bonds: Rich investors see in Bharat Bond ETF a way to beat FDs2 min read
“Rich investors sitting on the sidelines looking for an opportunity to allocate money to debt can stagger money into Bharat Bond ETF with every rise in bond yields,” said Niranjan Awasthi, head-product, Edelweiss Mutual Fund.
Over the past month itself, the 10-year benchmark has moved up 37 basis points to 7.15%, while banks offer 5.5-5.6% on a 10-year fixed deposit, which makes the Bharat Bond ETF more attractive. One basis point is 0.01%.
While a 10-year fixed deposit with HDFC Bank offers 5.6%, the Bharat Bond ETF maturing in April 2032 gives a yield of 7.31%, giving investors extra returns of 1.71 percentage points.
“After the sharp rise in bond yields, the attractiveness of long-tenure Bharat Bond ETF has increased. It scores over traditional deposits due to its low risk, higher return and tax efficiency,” said Santosh Joseph, founder, of Germinate Investor Services.
The portfolio of Bharat Bond ETF consists of high-quality AAA-rated bonds of public sector companies, with low credit risk. It is passively managed, and has an expense ratio of less than half paisa with the fund following a buy and hold strategy which means it invests in bonds that have a similar maturity as that of Bharat Bond ETF.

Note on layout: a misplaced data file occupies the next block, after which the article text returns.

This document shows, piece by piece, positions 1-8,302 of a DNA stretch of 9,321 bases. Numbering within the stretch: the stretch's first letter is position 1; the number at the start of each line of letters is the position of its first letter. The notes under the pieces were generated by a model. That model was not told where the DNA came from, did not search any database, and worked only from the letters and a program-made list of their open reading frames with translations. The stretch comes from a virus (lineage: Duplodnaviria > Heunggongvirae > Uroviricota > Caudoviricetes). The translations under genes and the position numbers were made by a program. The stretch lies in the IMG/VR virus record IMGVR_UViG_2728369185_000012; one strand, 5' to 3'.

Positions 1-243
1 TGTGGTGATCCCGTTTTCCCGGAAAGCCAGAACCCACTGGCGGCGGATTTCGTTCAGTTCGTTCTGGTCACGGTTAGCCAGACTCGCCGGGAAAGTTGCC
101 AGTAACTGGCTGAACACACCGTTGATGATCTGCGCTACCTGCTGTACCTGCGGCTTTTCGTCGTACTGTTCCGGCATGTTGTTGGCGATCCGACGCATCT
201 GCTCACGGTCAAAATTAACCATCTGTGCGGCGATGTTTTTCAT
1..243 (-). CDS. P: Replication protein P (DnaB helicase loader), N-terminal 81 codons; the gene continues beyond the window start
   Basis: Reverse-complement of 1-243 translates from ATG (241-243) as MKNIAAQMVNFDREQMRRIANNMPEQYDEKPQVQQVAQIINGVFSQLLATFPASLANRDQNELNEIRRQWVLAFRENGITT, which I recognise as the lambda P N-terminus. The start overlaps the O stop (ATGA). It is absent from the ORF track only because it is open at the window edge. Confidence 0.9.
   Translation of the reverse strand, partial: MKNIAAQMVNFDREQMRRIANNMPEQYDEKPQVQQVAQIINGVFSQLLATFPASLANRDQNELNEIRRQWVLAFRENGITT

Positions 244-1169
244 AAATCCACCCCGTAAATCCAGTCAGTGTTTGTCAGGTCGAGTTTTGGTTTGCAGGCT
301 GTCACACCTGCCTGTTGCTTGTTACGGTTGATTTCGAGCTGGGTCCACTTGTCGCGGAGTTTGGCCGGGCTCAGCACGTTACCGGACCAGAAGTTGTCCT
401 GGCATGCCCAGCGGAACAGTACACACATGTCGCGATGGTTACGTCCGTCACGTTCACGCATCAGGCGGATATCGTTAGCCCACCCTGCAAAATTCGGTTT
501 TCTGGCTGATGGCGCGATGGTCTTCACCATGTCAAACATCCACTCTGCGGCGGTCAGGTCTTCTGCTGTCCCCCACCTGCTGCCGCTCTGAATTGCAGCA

Since these have a target maturity, there is the certainty of returns and hence financial planners believe investors could use them to meet some long-term goals like children’s education or marriage.
“Visibility of returns, high liquiAdity and tax efficiency make this attractive for those in the high tax bracket,” said Nirav Karkera, head of research, Fisdom.
Karkera, however, said investors must buy with the objective of holding until maturity, as there could be fluctuations in bond prices were interest rates to rise further.
The ETF is tax-efficient for rich investors as being a debt fund, it enjoys indexation benefit which means investors pay 20% tax on long-term capital gains, which significantly lowers tax liability and leads to higher post-tax returns. Compared to this, in a fixed deposit, rich investors have to pay a 30% tax on interest income.